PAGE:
Nora, who was kneeling by her father's bed, kept her face slightly turned away from her mother; the tears were in her eyes, but there was a well of thanksgiving in her heart. In spite of her mother's angry reproaches, she knew she had done the right thing. Her father would get well now. After all, his Irish daughter knew what he wanted, and she must bear her English mother's anger.
In an incredibly short space of time two or three of the men-servants appeared, accompanied by Dr. Talbot. They stood in the entrance to the barn, prepared to carry out orders; but now there stole past them the Irish groom, Angus, and Hannah Croneen. These two came and stood near Nora at the head of the bed. Dr. Talbot examined the patient, looked round the cheerless barn, and said, with a smile, glancing from Mrs. O'Shanaghgan to O'Shanaghgan's own face:
“This will never do; you must get back to your own comfortable room, my dear sir—that is, if I am to continue to attend you.”
“Then, for God's sake, leave off attending me, Talbot,” said the Squire. “You must be a rare ignoramus not to see that your treatment is killing me out and out. It's fresh air I want, and plenty of it, and no more fal-lals. Is it in my grave you'd have me in a fortnight's time? You get out of this, and leave me to Mother Nature and the nursing of my Irish colleen.”
This was the final straw. Mrs. O'Shanaghgan left the barn, looking more erect and more stately even than when she had entered it. Mr. Hartrick followed her, so did the enraged Dr. Talbot, and lastly the English servants. Squire Murphy uttered the one word, “Routed!” and clapped his hand on his thigh.
The Squire, however, spoke sadly.
“I am sorry to vex your lady mother, Nora,” he said; “and upon my soul, child, you must get me well as quick as possible. We must prove to her that we are in the right—that we must.”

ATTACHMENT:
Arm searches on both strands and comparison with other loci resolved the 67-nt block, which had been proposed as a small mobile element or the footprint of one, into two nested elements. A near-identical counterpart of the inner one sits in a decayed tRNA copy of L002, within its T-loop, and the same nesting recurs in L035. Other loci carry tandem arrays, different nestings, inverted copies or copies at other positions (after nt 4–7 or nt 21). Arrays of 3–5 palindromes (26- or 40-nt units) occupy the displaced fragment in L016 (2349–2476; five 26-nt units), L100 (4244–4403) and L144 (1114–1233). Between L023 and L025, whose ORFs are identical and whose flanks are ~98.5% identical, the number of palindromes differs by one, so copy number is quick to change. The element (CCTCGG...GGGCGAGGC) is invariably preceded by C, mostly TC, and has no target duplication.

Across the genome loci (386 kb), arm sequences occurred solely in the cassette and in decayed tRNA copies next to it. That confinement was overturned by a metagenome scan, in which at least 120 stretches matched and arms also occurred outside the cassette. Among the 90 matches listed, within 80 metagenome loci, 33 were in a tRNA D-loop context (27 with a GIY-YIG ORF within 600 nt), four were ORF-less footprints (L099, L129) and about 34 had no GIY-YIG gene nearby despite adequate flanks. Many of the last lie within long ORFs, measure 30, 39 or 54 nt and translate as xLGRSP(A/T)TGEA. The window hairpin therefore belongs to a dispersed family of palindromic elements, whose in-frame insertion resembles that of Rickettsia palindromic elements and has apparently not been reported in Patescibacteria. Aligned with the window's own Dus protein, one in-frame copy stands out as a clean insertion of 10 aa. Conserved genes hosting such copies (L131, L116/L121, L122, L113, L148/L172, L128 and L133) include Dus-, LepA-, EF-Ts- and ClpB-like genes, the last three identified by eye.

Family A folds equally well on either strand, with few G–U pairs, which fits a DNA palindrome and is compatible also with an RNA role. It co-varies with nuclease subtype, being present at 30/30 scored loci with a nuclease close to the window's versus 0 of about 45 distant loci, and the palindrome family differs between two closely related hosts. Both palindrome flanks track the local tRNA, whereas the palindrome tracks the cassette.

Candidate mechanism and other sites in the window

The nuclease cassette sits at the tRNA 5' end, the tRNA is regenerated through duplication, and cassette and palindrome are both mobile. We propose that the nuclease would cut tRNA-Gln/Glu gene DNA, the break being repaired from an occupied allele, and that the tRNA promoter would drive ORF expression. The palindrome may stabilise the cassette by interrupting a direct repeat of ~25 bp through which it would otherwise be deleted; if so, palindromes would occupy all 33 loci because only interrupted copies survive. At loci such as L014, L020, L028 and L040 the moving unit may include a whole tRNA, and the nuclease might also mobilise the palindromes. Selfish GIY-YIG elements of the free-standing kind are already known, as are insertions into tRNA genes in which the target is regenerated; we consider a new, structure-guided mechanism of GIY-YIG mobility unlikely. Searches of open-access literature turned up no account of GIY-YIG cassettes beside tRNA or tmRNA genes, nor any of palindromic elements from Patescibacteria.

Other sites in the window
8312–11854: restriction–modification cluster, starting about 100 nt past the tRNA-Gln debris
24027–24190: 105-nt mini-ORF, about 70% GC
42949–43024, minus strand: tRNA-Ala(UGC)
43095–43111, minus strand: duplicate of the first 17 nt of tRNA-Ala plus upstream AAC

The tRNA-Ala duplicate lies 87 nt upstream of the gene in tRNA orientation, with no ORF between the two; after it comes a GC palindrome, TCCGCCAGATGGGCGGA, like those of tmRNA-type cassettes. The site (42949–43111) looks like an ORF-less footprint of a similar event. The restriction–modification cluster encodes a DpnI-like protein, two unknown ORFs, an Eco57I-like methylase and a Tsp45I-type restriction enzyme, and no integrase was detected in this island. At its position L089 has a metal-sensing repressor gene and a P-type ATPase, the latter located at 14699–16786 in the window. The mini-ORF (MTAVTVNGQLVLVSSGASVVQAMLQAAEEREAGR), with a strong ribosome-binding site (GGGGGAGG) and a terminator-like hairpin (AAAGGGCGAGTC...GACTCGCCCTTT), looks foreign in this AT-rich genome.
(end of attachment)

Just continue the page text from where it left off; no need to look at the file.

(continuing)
“Have a dhrop of the crayther, your honor,” said Hannah, now coming forward. “It's truth I'm telling, but this is me very last bottle of potheen, which I was keeping for me funeral; but there, his honor's wilcome to every drain of it.”
“Pour me out a little,” said the Squire.
He drank off the spirit, which was absolutely pure and unadulterated, and smacked his lips.
“It's fine I'll be to-night,” he said; “it's you that have the 'cute ways, Nora. You have saved me. But, indeed, I thank you all, my friends, for coming to my deliverance.”
That night, in her smoke-begrimed cabin, Hannah Croneen described with much unction the way madam and the English doctor had been made to know their place, as she expressed it.
“'Twas himself that put them down,” said Hannah. “Ah, but he is a grand man, is O'Shanaghgan.”
Mrs. O'Shanaghgan spent a very unhappy night. No comfort could she derive even from Mr. Hartrick's words. Nora was an out-and-out rebel, and must be treated accordingly; and as to the Squire—well, when Nora attended his funeral her eyes might be opened. The good lady was quite certain that the Squire would have developed pneumonia by the morning; but when the reports reached her that he looked heartier and better than he had since his illness, she cou............